Also in Slidell, a 71-year-old man was attacked by an alligator over the weekend while he was in his flooded shed. The man went missing and is assumed dead, reports WDSU.
Internet users began growing weary last year about the steady stream of stories belonging to a “nature is healing” genre, as people stayed indoors and stories emerged about animals taking back their environs be it in the sea or in our suburbs.
However, these latest events are the surreal realities of a world in which extreme weather events are fast becoming the new normal – disrupting our lives in sometimes predictable, and occasionally shocking and surreal, ways.
Mom in LA Suburbs Fights Off Mountain Lion With Bare Hands, Rescues 5-Year-Old Son
A mother in Southern California is being hailed as a hero after rescuing her five-year-old son from an attacking mountain lion.
The little boy was playing outside his home in Calabasas, a city lying west of Los Angeles in the Santa Monica Mountains, when the large cat pounced on him.
The 65-pound (30 kg) mountain lion dragged the boy about 45 yards across the front lawn before the mother acted fast, running out and striking the creature with her bare hands and forcing it to free her son.
“The true hero of this story is his mom because she absolutely saved her son’s life,” California Department of Fish and Wildlife spokesman Captain Patrick Foy told Associated Press on Saturday.
“She ran out of the house and started punching and striking the mountain lion with her bare hands and got him off her son,” Foy added.
The boy sustained significant injuries to his head, neck and upper torso, but is now in stable condition at a hospital in Los Angeles, according to authorities.
The mountain lion was later located and killed by an officer with the California Department of Fish and Wildlife, who found the big cat crouching in the bushes with its “ears back and hissing” at the officer shortly after he arrived at the property.
“Due to its behavior and proximity to the attack, the warden believed it was likely the attacking lion and to protect public safety shot and killed it on sight,” the wildlife department noted in its statement.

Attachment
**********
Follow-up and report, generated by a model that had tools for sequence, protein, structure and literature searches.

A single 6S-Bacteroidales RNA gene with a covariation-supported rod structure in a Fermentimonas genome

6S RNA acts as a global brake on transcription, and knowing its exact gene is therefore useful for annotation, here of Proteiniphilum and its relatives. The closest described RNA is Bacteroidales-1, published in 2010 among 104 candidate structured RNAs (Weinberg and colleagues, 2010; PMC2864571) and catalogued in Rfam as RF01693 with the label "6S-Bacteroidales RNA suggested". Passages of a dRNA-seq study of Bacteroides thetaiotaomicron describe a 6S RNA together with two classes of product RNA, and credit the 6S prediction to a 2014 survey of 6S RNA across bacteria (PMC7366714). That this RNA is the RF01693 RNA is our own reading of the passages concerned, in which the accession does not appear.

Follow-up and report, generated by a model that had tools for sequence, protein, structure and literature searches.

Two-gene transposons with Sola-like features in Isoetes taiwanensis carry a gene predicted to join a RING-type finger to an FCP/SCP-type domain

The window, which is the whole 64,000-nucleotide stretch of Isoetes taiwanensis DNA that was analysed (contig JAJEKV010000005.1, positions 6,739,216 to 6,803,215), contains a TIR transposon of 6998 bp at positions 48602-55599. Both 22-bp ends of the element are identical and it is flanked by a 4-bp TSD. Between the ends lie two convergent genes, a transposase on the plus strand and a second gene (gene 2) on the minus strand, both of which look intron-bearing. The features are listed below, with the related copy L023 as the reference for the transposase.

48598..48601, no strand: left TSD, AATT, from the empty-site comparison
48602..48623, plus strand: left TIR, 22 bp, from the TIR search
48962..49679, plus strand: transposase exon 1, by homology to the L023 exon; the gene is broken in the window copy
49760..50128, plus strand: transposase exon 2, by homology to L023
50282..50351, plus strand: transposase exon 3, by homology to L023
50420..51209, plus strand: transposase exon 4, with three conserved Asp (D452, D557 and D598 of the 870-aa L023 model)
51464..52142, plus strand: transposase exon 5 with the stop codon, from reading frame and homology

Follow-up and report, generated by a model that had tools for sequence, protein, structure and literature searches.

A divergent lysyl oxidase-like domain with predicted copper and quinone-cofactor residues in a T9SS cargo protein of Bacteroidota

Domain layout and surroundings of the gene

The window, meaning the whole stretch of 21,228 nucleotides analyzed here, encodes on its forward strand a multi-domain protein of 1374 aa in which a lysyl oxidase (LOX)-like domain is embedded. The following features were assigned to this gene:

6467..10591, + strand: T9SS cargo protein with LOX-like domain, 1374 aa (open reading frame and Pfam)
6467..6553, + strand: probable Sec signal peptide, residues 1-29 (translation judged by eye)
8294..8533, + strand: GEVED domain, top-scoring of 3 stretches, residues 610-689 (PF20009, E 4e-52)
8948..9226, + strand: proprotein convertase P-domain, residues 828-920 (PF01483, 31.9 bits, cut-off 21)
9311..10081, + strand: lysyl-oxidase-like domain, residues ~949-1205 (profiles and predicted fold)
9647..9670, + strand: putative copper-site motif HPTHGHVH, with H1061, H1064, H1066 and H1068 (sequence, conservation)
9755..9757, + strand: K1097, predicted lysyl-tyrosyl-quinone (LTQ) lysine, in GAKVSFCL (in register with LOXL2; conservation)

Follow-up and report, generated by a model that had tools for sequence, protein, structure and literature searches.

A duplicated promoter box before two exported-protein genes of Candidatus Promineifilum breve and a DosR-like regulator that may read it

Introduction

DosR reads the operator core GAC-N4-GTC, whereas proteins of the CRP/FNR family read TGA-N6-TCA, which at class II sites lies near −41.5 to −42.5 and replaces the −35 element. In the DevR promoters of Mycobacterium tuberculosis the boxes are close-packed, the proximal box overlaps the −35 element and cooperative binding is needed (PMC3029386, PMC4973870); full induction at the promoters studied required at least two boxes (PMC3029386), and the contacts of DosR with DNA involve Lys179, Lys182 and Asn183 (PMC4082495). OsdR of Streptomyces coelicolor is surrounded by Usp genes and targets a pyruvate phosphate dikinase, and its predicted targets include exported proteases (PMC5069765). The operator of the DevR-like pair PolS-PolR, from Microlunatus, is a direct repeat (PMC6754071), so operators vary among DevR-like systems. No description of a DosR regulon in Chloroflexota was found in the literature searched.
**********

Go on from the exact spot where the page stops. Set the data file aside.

The mountain lion attack is the first such attack on a human in Los Angeles County since 1995, according to Fish and Wildlife.
The Santa Monica Mountains is a biodiverse region teeming with wildlife such as large raptors, mountain lions, bears, coyote, deer, lizards, and snakes. However, their numbers have rapidly faded in recent years, causing local wildlife authorities to find new ways to manage the region’s endemic species.
Video Shows Taliban Taking Joyride in Captured US Blackhawk Helicopter
The rapid fall of Kabul to the Taliban has resulted in a number of surreal sights – from footage of the Islamist group’s fighters exercising at a presidential gym to clips of combatants having a great time on bumper cars at the local fun park.
However, a new video of Taliban members seemingly testing their skills in the cockpit of a commandeered UH-60 Black Hawk helicopter shows the chilling extent to which U.S. wares have fallen into the hands of a group it spent trillions of dollars, and exhaustive resources, to stamp out.
In the new video, shared on Twitter, the front-line utility helicopter can be seen taxiing on the ground at Kandahar Airport in southeastern Afghanistan, moving along the tarmac. It is unclear who exactly was sitting in the cockpit, and the Black Hawk cannot be seen taking off or flying.
It is unlikely that the Taliban have any combatants who are sufficiently trained to fly a UH-60 Black Hawk.
The helicopter, which carries a $6 million price tag, is just a small part of the massive haul that fell into the militant group’s hands after the country’s central government seemingly evaporated on Aug. 14 amid the withdrawal of U.S. and coalition troops.
Some 200,000 firearms, 20,000 Humvees and hundreds of aircraft financed by Washington for the now-defunct Afghan Army are believed to be in the possession of the Taliban.
The firearms include M24 sniper rifles, M18 assault weapons, anti-tank missiles, automatic grenade launchers, rocket-propelled grenades and mortars.
Taliban fighters in the elite Badri 313 Brigade have been seen in propaganda images showing off in uniforms and wielding weaponry meant for the special forces units of the Afghan Army.
The U.S. is known to have purchased 42,000 light tactical vehicles, 9,000 medium tactical vehicles and over 22,000 Humvees between 2003 and 2016.
The White House remains unclear on how much weaponry has fallen into Taliban hands, with National Security Adviser Jake Sullivan admitting last week that the U.S. lacks a “clear picture of just how much missing $83 billion of military inventory” the group has.